I like people who are not middle-of-the-road thinkers, who are willing to take a stand for what they believe.
I dislike compliance and comprise when I see it in others, but most of all, when I see it in myself.
There are strong and strident opinions being taken on every subject in our society: politics in Washington, gender issues, race … the list goes on. At times it seems like some people are more invested in arguing about their opinion than in being a positive force for godly change. When that happens, it’s a telltale sign that they’ve lost sight of who their enemy really is.
If you aren’t clear who you’re supposed to be fighting, you’ll punch at everything that moves. You’re likely to do a lot of damage, but it’s unlikely to make much of a difference. This isn’t God’s design for our lives. The only way to shift our culture and current circumstances in favor of the gospel is to identify our real enemy and to employ biblical principles to overcome this evil.
The Word of God promises us victory and purpose when we pursue a Christ-centered life. In its pages are all the secrets to “life and godliness” (2 Pet. 1:3), including which enemies we will face and how to overcome them. When Paul was writing to young Timothy to stir up the gift that was in him (see 2 Tim. 1:6), he made an extraordinary proclamation that every child of God should know: “For God has not given us a spirit of fear, but of power and of love and of a sound mind” (2 Tim. 1:7, NKJV). I believe that each of these fear-abolishing Holy Spirit gifts—power, love and a sound mind—are specifically designed to help us overcome our three enemies: the devil, the world and an unrenewed mind.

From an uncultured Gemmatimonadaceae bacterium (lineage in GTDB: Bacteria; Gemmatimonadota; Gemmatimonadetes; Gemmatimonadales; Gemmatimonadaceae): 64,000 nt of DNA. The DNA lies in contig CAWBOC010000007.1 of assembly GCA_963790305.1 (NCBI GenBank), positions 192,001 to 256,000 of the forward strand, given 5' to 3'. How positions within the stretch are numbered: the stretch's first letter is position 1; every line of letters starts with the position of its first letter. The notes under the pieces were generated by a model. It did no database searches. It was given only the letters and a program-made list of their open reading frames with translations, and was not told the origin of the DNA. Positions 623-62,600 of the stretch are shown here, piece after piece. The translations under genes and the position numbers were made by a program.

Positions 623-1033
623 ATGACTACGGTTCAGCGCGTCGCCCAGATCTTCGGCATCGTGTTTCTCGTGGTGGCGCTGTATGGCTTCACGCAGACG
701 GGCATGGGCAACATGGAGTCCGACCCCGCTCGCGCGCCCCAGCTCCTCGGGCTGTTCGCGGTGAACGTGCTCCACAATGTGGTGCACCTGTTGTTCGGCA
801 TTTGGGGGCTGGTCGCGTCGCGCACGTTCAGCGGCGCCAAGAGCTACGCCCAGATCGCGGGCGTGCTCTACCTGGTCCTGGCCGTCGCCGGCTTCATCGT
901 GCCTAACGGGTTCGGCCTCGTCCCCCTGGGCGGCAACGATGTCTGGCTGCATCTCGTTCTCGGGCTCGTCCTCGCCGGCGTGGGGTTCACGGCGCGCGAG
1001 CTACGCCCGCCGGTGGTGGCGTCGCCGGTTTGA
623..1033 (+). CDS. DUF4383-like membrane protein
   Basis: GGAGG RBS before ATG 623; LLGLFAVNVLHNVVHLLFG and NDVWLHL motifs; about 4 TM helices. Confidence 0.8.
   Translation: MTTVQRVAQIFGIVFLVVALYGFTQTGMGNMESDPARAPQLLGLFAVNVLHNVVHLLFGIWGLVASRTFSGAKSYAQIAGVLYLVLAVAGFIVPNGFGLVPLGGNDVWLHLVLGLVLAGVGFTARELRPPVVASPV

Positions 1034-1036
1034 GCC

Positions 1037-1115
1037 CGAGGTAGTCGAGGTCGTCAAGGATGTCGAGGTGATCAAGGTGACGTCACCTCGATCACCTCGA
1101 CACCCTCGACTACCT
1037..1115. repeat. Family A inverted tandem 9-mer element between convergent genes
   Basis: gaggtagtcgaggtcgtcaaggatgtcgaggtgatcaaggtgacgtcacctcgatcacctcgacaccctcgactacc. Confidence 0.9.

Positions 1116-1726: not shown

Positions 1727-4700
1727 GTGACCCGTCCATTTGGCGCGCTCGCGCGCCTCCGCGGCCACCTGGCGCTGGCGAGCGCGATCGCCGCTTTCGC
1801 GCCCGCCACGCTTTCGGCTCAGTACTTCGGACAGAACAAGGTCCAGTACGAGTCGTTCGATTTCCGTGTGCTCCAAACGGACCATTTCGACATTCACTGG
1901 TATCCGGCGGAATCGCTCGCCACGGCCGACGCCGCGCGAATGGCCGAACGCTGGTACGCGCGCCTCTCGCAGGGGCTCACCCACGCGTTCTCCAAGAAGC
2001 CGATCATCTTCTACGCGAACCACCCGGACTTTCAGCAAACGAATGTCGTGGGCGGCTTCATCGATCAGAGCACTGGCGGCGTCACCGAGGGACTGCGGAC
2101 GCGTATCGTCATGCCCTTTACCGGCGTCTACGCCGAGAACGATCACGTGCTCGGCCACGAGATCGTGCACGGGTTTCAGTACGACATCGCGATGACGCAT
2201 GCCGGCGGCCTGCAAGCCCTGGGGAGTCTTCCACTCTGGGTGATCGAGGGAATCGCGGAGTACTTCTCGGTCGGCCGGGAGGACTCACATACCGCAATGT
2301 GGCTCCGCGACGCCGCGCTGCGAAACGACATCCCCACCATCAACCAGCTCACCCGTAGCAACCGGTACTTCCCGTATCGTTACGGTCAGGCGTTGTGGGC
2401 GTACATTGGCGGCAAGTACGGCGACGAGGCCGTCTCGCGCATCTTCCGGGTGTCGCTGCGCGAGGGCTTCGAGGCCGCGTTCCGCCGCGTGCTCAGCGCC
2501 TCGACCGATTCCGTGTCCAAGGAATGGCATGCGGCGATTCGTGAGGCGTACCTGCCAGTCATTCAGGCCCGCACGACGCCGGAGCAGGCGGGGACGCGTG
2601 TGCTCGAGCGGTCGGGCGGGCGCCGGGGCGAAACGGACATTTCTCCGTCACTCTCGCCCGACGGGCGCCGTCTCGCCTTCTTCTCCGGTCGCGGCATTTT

We must fight with power when are dealing with the enemy of darkness, the devil. We overcome the accuser of the brethren by the power of the blood of the Lamb, by the power of the word of our testimony and by the power released when we are willing to lay down our lives unto the death (Rev. 12:11). Jesus rendered this enemy completely powerless, so when we deal with him using Jesus’s power and authority, he cannot win.
Our second enemy is the world. We are not to love the world’s system or the things that are created from the world’s system, but we are called to love the people in this world as we love ourselves (Mark 12:31). Truthfully, there are people who make it hard to fight them with love, but because of the love Christ has shown us, we can overcome our fleshly reactions and demonstrate real love toward them—the kind that neither compromises nor lies but points them to their Savior, who can give them a new spirit, a clean heart, and a renewed mind.
This sound, renewed mind is precisely what we will need to overcome our final enemy: ourselves. We are our own worst enemy, certainly the hardest to defeat. When it comes to dealing with our own flesh and the evil that is in our heart, we too often get in our own way, protecting ourselves instead of stepping fully into the flames of the refiner’s fire.
That is why we have to have a mind that is constantly renewed. This is the reason David said, “Your word I have hidden in my heart, that I might not sin against You” (Ps. 119:11, MEV). The Word being in the core, in the center, of who we are is what gives us a sound mind, which leads to victory.
The next time you find yourself ready to fight, take a moment to consider who your enemy is and remind yourself it isn’t the people living in this fallen world but rather Satan, sinful systems and yourself. You are not here to punch your way to heaven; you are here to show people that Christ has already won every fight they will ever face.
You’re beautiful. I see Jesus in you.
Have a great week!